NSAIDs: Therapeutic use and variability of response in adults
- Daniel H Solomon, MD, MPH
Daniel H Solomon, MD, MPH
- Matthew H. Liang Distinguished Chair in Arthritis and Population Health
- Professor of Medicine
- Harvard Medical School
- Section Editor
- Daniel E Furst, MD
Daniel E Furst, MD
- Section Editor — Treatment Issues in Rheumatology
- Clinical professor, University of Washington, Seattle
- Clinical professor, University of Florence, Florence, Italy
- Professor of Rheumatology, University of California in Los Angeles (Emeritus)
- Director of Research, Pacific Arthritis Associates
More than 20 different nonsteroidal antiinflammatory drugs (NSAIDs) are available commercially, and these agents are used worldwide for their analgesic antipyretic and antiinflammatory effects for multiple medical conditions.
The choice of NSAID in a given patient depends upon a number of factors. The responses to NSAIDs differ between patients, and individual patients differ in their response to different NSAIDs. The bases for these variable responses are only partially understood. In addition, the selection and safety of NSAIDs depends in substantial part upon the presence of absence of various comorbidities and other medications the patient is receiving.
This topic will review the issues surrounding the differences in response to the various NSAIDs. Clinical considerations in the use of these agents, including comorbidities and cotherapies, will also be presented here. The pharmacology, mechanisms of action, and adverse effects of NSAIDs are reviewed in detail separately. (See "NSAIDs: Pharmacology and mechanism of action" and "Nonselective NSAIDs: Overview of adverse effects" and "Overview of selective COX-2 inhibitors", section on 'Toxicities and possible toxicities'.)
VARIABILITY OF RESPONSES
At equipotent doses, the efficacy of the various nonsteroidal antiinflammatory drugs (NSAIDs) in patient populations is similar, although there is clear individual variation in therapeutic and adverse responses to these agents; some patients seem to respond better to one drug than to others, and responses differ between patients. The differences in the effects of the various NSAIDs have been ascribed primarily to variations in one or more of the following:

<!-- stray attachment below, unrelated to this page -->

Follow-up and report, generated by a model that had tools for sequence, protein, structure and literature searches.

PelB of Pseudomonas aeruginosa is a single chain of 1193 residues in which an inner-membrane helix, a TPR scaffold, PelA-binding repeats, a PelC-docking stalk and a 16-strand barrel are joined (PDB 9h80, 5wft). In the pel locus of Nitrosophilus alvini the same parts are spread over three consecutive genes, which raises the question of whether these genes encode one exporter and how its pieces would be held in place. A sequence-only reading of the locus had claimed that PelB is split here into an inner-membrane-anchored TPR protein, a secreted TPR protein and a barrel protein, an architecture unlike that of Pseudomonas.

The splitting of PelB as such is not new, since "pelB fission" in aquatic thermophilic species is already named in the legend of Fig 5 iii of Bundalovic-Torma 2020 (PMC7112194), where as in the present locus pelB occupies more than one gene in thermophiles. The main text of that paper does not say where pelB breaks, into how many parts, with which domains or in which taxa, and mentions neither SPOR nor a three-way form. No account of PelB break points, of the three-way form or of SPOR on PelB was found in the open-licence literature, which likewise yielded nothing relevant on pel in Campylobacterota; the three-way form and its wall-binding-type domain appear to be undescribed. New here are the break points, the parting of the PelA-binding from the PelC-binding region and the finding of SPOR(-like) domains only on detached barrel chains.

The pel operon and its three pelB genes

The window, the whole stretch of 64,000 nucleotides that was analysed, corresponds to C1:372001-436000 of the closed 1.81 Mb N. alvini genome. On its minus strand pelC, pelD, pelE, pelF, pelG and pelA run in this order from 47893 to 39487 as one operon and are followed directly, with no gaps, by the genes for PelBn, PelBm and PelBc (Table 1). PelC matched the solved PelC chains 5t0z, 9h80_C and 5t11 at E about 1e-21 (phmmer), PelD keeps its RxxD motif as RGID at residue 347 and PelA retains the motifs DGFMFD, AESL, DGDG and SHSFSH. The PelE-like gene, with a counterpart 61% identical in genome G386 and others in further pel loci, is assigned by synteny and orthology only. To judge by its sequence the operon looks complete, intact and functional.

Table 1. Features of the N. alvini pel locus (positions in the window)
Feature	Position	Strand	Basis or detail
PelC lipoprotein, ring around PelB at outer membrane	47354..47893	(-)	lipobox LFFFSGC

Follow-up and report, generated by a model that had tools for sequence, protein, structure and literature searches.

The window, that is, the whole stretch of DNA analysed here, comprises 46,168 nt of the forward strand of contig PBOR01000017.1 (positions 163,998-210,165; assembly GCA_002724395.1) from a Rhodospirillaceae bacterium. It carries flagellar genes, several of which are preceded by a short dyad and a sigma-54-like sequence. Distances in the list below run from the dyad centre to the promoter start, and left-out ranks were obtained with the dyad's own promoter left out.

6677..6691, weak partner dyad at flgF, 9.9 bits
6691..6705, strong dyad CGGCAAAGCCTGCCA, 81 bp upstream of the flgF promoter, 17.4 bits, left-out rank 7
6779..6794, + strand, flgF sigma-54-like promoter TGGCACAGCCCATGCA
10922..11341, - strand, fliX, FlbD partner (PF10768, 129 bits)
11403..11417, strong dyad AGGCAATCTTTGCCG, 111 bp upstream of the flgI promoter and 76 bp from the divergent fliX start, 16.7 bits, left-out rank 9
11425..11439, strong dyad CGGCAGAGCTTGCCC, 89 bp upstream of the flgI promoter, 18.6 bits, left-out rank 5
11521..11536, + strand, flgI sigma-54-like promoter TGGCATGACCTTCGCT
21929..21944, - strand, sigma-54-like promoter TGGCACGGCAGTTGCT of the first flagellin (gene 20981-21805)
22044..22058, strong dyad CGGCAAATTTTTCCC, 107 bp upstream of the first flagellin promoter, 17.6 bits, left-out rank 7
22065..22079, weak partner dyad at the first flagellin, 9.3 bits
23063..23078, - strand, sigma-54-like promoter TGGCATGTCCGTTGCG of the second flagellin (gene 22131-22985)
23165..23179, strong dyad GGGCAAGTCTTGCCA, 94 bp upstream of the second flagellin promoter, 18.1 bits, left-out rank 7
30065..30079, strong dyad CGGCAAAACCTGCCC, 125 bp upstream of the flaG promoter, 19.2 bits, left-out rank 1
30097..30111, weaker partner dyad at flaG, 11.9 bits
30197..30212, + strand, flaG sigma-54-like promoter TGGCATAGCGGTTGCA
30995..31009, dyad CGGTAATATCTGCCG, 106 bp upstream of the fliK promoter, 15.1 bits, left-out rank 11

●Mechanism of action, including absolute and relative differences in cyclooxygenase (COX) enzyme inhibition and different capacities for altering non-prostaglandin-mediated biologic events (see "NSAIDs: Pharmacology and mechanism of action" and 'Prostaglandin-mediated' below and 'Nonprostaglandin-mediated' below)To continue reading this article, you must log in with your personal, hospital, or group practice subscription. For more information on subscription options, click below on the option that best describes you:
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- VARIABILITY OF RESPONSES
- Effects of mechanisms of action
- - Prostaglandin-mediated
- - Nonprostaglandin-mediated
- Pharmacologic properties and clinical effects
- ISSUES IN THE THERAPEUTIC USE OF NSAIDS
- General principles
- - Dosing and duration
- - Laboratory monitoring
- Drug interactions and comorbidities
- - Drug interactions
- - NSAID use and comorbidities
- INFORMATION FOR PATIENTS